- Gareth Crook
Monty Python and The Holy Grail (1975) - 9/10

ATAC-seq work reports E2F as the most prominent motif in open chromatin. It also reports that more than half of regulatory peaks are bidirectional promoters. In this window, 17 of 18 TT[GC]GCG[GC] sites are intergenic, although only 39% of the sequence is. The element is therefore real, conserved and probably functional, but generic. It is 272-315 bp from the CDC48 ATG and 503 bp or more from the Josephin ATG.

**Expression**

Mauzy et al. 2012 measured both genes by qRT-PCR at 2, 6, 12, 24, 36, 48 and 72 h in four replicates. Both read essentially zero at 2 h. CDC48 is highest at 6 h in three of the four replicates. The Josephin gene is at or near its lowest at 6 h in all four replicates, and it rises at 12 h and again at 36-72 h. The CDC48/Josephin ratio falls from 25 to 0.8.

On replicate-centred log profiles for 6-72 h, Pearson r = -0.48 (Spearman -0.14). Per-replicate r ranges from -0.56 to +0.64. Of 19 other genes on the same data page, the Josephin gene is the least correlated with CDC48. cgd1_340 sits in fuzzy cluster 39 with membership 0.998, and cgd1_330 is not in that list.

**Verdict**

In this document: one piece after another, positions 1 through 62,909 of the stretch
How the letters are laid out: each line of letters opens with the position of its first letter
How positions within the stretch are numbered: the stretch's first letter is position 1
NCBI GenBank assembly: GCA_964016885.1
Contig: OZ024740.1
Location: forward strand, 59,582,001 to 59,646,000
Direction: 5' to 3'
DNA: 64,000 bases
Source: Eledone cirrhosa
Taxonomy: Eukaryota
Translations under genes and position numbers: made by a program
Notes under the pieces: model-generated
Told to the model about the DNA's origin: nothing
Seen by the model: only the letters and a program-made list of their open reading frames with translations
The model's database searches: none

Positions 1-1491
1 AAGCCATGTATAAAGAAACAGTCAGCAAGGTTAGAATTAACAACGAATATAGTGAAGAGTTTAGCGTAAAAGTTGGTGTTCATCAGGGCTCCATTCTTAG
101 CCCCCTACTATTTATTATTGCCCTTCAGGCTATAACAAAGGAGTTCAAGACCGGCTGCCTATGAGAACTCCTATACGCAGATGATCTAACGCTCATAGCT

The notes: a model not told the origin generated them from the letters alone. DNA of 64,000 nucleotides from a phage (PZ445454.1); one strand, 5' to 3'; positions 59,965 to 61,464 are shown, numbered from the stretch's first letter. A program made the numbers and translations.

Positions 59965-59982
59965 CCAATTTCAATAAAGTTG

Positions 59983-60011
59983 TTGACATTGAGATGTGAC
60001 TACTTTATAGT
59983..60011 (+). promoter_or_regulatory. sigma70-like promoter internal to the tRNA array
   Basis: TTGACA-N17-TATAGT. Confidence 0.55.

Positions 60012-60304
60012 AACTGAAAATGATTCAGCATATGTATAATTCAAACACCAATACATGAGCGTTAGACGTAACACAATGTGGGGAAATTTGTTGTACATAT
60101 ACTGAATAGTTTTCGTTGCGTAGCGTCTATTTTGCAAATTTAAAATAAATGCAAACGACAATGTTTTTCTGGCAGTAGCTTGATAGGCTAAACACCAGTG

I’ve not watched any Python in years and I’m going all in. This is the first of three reviews that will follow, but I’m starting with The Holy Grail so that I can watch with Kermode & Mayo’s extra take commentary. That was the idea at least until I realised that I was better off watching the film first, then just listening to their insight later. Python you see is just too brilliant to be disturbed. Made a on budget (which I think must’ve mostly gone on smoke machines), it still looks incredibly good and of course there’s plenty of comedic tricks that are wonderfully lent in to. Who needs a horse, when you’ve got coconuts. Of course, it’s a little apt watching this now. At a point when a new king is thrust upon us, Arthur (Graham Chapman) is on a quest to enforce his power on a people who don’t really give a shit, by finding The Holy Grail. That sounds lofty doesn’t it, but really this is what Python do best, sketches. Just here they’re stitched together a touch more coherently. Perhaps one of the best comes in the opening 20 minutes with John Cleese as The Black Knight. It’s wonderfully silly as he loses limb after limb before declaring a draw, but this is its strength, solid visually amusing comic acting, laced with simple deadpan jokes. Before long, thanks to a cut away to some page turning on a dodgy looking manuscript with some QE narration, Arthur has his knights assembled and off they go on their pretend horses to Camelot, where songs with lyrics that don’t quite fit are sung and therefore they choose not to bother. Just as well really, as Gilliam’s animated god appears in the sky, setting them the task to find the grail to inspire all in these dark times. Honestly despite the cast being fantastic, it’s always Cleese that gets me in this film. His French Guard is pure genius and has there ever been a better put down than “I fart in your general direction, your mother was a hamster and your father smelt of elderberries”. After the Trojan Rabbit project fails to get the knights into the French occupied castle. The knights split up and embark on starring role sequences. I suppose they’ve just too many ideas to try shoehorn into the main narrative, but these subplots do give us annoying minstrel commentators, a castle full of frisky fourth wall breaking maidens, a musical loving reluctant arrow firing groom (guarded by two nit-wits, one hiccuping, which is apparently John Cleese’s favourite scene) and of course the infamous Knights who say “Ni”! I promise, if you’ve not yet seen The Holy Grail, this does actually make sense. As does Cleese when he’s back as Tim the Enchanter, who’s a fire throwing horny version of Billy Connelly. How do you end a film like this? Well I’m not going to spoil it, but let’s just say that Python are masters of this as well as pretty much everything else.